Kids Need to Attach
Birth
Babies need to ‘attach’ to their parents. They need to know and trust that you are there for them. They will bond to you during this time as you provide positive stimuli such as cuddling, smiling, engaging and attention, and also as you consistently provide relief of discomfort such as prompt feeding, changing soiled diapers and providing appropriate sleep environment.
A secure early relationship helps to set a tone and pattern for future relationships. The secure relationship helps to reduce anxiety, establish trust, build self-confidence, and provide a base for exploratory behaviors. Without this security there is vulnerability, dependence and emotional instability. We begin with the initial parental bond and let other attachment relationships emerge on our journey. (Bowlby, 2005)

8 months

Attachment is a wonderful gift you can give your child to ensure a future of trust and love. Take time, be present in the moment with your child, interact socially with them, be trustworthy, hold them close and be there as they venture out to discover the world. Give them the gift of self esteem. “what happens, right or wrong, in the critical first two years of a baby’s life will imprint that child as an adult”. What if a baby does not attach?...If bonding and attachment does not occur, it can lead to a relational disorder called ‘borderline personality’, which carries with it the core wound of abandonment and affects a person’s whole life, making it difficult for them to form any relationships… “a child may develop mistrust and a deep seated rage and become a child without a conscience”. (Magid 1989) It is within our ability as parents to make sure this does not happen…God helping us.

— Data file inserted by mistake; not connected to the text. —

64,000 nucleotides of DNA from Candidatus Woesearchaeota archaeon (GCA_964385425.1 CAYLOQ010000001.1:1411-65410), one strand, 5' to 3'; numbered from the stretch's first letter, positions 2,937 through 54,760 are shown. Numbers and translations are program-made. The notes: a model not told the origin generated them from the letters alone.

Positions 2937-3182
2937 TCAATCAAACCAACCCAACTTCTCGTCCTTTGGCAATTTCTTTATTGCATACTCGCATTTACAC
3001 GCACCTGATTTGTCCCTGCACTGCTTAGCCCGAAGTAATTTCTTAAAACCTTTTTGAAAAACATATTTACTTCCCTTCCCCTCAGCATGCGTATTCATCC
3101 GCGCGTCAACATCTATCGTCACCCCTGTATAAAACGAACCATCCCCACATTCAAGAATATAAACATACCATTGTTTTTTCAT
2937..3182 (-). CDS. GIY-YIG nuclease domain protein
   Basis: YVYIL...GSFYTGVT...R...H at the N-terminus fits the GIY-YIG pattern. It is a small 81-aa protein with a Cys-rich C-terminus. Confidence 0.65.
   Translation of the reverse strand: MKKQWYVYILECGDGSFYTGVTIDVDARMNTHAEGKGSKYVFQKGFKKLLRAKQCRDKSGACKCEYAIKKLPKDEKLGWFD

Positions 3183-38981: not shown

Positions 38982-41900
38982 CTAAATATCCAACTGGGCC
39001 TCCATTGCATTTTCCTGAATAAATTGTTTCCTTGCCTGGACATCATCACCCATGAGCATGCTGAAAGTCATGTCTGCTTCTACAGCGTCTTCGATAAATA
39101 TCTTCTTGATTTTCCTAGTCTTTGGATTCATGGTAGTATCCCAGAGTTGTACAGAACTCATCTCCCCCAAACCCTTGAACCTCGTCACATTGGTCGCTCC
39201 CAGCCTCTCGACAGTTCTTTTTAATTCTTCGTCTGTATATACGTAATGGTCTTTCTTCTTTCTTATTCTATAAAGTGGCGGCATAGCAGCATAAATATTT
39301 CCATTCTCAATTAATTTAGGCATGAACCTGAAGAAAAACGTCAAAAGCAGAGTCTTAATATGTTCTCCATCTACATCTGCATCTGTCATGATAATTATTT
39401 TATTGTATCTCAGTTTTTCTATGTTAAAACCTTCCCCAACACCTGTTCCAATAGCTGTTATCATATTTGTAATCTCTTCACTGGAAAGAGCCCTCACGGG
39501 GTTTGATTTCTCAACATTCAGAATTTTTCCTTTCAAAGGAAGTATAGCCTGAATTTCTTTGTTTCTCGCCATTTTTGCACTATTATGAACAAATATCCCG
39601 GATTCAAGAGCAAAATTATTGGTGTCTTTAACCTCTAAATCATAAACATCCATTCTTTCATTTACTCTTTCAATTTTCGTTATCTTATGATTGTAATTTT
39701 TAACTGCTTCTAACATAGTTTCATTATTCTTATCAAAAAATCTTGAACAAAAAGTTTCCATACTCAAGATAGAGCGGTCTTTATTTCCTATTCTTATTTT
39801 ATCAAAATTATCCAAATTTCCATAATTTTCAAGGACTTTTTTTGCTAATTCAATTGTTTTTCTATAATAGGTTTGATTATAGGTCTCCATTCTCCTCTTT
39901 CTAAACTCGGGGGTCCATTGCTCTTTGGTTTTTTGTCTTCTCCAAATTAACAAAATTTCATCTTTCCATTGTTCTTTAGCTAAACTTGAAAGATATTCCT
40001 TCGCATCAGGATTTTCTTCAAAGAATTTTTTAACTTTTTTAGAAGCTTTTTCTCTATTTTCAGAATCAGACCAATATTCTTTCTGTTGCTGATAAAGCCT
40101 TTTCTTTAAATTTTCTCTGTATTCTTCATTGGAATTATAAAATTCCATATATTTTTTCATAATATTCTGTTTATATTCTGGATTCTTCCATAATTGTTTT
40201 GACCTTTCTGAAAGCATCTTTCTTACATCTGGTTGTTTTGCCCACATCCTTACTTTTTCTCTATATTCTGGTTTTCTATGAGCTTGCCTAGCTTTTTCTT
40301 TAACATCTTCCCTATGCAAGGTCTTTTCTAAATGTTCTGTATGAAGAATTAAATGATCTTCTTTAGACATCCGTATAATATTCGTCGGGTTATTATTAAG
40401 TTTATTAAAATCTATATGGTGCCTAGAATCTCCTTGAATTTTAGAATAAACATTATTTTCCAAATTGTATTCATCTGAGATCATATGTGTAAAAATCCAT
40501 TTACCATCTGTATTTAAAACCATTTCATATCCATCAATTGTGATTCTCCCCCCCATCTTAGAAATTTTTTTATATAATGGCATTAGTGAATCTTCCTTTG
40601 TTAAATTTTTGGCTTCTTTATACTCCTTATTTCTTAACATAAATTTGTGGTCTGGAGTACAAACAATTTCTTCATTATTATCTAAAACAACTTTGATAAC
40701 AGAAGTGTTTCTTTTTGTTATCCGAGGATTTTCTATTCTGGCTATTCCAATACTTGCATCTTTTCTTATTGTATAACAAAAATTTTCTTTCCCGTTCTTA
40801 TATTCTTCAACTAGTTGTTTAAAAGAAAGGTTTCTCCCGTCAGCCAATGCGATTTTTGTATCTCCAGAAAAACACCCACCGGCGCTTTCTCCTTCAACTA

(Note to parents: If while reading this you realize that you have never “attached”, the good news is that you can attach to God as your Father, and then you will have the gift of attachment to offer to your baby.)

16 months

“Good enough parenting” is when our children are appropriately relationally attached to us. It is an intangible soul thing.
Good enough parenting is not only about providing things, toys, games, trips, the latest, although those are fun to give and are delightful. It is about giving ourselves, knitting our souls, creating attachment for our children.   
A good friend who had a son in juvenile detention said she wished someone had told her this…when her son was a baby she had thought that if he was quiet and not asking for attention (i.e. fed, bathed, changed and quiet), then that was all there was to good mothering. No one ever told her about cuddling him and attaching emotionally.

When kids attach to their parents they have an internalized trust object. From this they mature to an appropriate sense of self, mirrored by their parents, made possible by trust.
If they are unattached at this age, it can lead to narcissism, where a person is looking for a sense of self and becomes totally self absorbed, needy, vulnerable, grandiose with no limits and often trying to attach to people who they perceive to have power.


(Note to parents: If you find yourself in this description, remember that if you ‘attach’ to God as your Father, He will help you find your sense of self again so that you have health to pass on to your child.)

What Happens When Attachment Fails? 

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2 years

Praying together helps us to attach. Meal prayer: Dear Jesus, Bless (whoever is there: mommy, daddy, me, etc.) and thanks for the food. Amen (you can make it fun if everyone at the table raises their hands together when they say Amen).
Eating together helps us to attach. Some studies have suggested that eating together also helps to attach kids to their family and helps them do well in school and life.
Playing together helps us to attach. Kids learn social interaction and trust when they play with their parents.
Trust Activities:
Holding tight when needed.
Encouraging adventures while staying within eyesight.
Ensuring safety while adventuring.